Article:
Night Demon – Outsiders No More

Tuesday, 7th March 2023

A favorite with most of the scribes at Dead Rhetoric, Night Demon pound for pound are one of the shining stars for the current breed of classic-driven traditional heavy metal. Outsider is the latest full-length, their first full-on concept record and a testament to the versatility plus vitality of the genre. Nine tracks that resonate well with any generation wishing to throw up devil’s horns, bang heads into oblivion, and scream/shout with the lyrics at the top of their lungs – it’s a monster of an album through every listen. We reached out to vocalist/bassist Jarvis Leatherby to get the scoop on how the past few years have been for the band, how the trio is handling the workload living across multiple continents, the road work they’ll continue to do, thoughts on the state of heavy metal and what younger bands need to do to keep things alive/thriving, plus talk of their Night Demon Metal Podcast and more.

Dead Rhetoric: You’ve had a busy couple of productive years on the recording front while the live show market was in flux due to the pandemic. Can you bring the readers up to speed as to what happened during those pandemic years for Night Demon – do you feel it was a good time to reevaluate the goals and ambitions for the band?

Jarvis Leatherby: 100%. I’ve maintained that while everything that happened was not very good for our society, a lot of people had it pretty rough for sure. But in all honesty for us, it was great. I look back on it with a bit of fondness now that it’s all over. Being able to put the brakes on, not that we ever slowed down as a band, but we’ve been touring so much it’s hard to be in two frames of minds at once. We weren’t really writing on the road, and when we attempted it, the results were pretty unsuccessful. We had been touring for so long off of the previous record, and that was good, that was our plan. It was a blessing in disguise for us, we really got to take some time and write this new record. We were writing this record during the first lockdown, right away.

I felt like a kid again. A lot of my responsibilities had gone away. If anything did go haywire, I could just blame the pandemic like everyone else in the world. Everybody from your next-door neighbor to your phone company. Everybody used it as an excuse – not that I did, but I felt like I could if I wanted to. It was a beautiful time for us. We are back now, and now I feel there are way more demands on us now than ever. I’m so glad somebody forced us to do that.

Dead Rhetoric: So was it intentional at first to have those staggered single releases that ended up being a part of the compilation for Year of the Demon?

Leatherby: Oh yeah. We had formulated that plan back at the end of 2018. We really wanted to do that. We were supposed to be on the road when the first single came out, and tour throughout that. Every five weeks a new single would come out, and we didn’t tell anybody about this – we didn’t make any announcements about this happening. We would add a new song to the live set, and see how that was going. We were writing all these songs that we didn’t feel were cohesive enough for an album – they stood out on their own. We wanted to try something new. The idea of the compilation was not thought about until we saw that this pandemic lasted a lot longer than we thought it would. We had to go tour again – we needed to tour off these songs and do a world tour before we usher in a new record. There were quite a few full-lengths that came out during the pandemic that were good, that didn’t get really much attention – and by the time bands could tour again, those records had lost steam and I didn’t think it was fair to those bands. We looked at that, and pushed things back.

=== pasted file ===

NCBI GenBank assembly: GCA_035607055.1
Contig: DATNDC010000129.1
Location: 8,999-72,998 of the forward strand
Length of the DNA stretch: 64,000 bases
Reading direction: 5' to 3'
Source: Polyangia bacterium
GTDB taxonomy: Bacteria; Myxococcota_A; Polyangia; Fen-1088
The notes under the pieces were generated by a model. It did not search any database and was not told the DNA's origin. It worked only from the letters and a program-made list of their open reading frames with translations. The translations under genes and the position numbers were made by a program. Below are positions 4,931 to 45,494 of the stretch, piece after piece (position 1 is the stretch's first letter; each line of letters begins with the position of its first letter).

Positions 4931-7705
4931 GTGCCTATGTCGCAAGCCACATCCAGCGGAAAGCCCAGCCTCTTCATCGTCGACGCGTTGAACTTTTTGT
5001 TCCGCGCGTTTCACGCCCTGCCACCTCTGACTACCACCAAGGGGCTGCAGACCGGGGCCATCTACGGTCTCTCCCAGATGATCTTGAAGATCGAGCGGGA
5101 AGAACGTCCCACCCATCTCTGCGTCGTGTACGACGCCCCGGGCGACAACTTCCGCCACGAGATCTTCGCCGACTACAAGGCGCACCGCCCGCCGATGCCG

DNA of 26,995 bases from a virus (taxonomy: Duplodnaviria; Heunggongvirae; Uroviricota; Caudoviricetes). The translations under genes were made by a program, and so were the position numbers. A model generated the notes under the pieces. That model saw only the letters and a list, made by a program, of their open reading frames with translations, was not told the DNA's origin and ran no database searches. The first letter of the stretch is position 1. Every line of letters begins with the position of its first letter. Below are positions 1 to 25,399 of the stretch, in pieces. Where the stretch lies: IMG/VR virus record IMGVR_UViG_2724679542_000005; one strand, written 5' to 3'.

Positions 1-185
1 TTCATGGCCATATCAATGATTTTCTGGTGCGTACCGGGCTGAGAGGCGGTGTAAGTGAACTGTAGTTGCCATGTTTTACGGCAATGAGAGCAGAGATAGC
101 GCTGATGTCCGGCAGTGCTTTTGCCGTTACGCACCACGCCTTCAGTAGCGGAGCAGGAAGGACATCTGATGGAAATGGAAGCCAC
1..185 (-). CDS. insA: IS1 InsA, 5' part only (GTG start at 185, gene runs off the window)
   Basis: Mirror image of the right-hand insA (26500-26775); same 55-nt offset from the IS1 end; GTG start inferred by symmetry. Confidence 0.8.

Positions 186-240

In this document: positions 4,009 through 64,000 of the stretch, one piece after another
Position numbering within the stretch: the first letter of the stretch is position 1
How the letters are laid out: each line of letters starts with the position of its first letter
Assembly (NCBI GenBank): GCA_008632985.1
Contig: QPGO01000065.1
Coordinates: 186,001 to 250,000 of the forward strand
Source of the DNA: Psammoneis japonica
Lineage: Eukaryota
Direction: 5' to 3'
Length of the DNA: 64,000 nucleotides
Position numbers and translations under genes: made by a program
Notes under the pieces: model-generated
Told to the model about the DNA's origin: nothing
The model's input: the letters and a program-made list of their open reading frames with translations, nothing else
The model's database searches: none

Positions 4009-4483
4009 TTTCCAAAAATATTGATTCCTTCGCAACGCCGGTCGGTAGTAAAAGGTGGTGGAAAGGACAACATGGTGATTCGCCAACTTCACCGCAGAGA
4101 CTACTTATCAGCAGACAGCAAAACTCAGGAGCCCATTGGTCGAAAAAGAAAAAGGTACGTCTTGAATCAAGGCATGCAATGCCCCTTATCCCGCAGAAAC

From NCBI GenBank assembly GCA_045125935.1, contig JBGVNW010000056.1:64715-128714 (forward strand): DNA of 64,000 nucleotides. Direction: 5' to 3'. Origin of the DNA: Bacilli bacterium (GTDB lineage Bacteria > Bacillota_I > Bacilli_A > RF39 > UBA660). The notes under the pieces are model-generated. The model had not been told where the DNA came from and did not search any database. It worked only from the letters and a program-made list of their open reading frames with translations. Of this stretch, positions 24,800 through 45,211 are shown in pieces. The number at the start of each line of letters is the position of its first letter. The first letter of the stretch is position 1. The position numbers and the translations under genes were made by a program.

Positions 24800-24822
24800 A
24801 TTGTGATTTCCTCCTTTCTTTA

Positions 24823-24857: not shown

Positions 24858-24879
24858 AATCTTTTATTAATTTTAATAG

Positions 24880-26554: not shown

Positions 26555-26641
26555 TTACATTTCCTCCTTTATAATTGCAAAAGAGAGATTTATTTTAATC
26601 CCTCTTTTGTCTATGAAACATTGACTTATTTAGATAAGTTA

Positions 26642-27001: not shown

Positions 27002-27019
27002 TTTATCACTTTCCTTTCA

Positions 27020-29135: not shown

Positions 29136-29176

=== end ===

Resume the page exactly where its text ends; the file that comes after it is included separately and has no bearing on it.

A lot of people, look at things in the scope of studio albums and go, ‘man, they haven’t put out a record in six years’. Well, okay – in fairness we did three world tours, five singles, a compilation, a live album, a deluxe version of Darkness Remains, a weekly podcast that is now at 133 consecutive weeks. We have been busy, you know?

Dead Rhetoric: Right, and a lot of people don’t understand the current marketplace dictates a certain level of demand and attention, keeping interest alive. But to also come up with a strong and cohesive record, the days of doing it with quality in six months or a year don’t exist anymore…

Leatherby: It’s crazy that it just does not exist. With this record, we had a lot of time to craft it, which was nice. We spent six total days in the studio. We were ready, we are a live band, we record live. Our prep is in the demoing and the rehearsing of the songs.

Dead Rhetoric: The latest studio album Outsider is probably your most ambitious record to date – and a conceptual story to boot. How do you feel this set of material advances the career arc of the band, were there any special struggles, obstacles, or challenges to overcome during the process?

Leatherby: Yeah, a lot to be honest. Darkness Remains and Curse of the Damned initially both started out as concept records. It was tough. On Curse of the Damned we were trying to force it, we had a bunch of songs we had written and there was a guy who did a comic book based on things – we wrote “Screams in the Night” based on his concept. He helped with the cover art, but at the end of the day it was too schizophrenic for a whole concept record. Darkness Remains we got a little bit closer, if you listen to “Welcome to the Night”, “Life on the Run” and the title track, that’s the trilogy of songs that’s a story that runs through – but it’s track one, five and ten. We missed the mark on that again.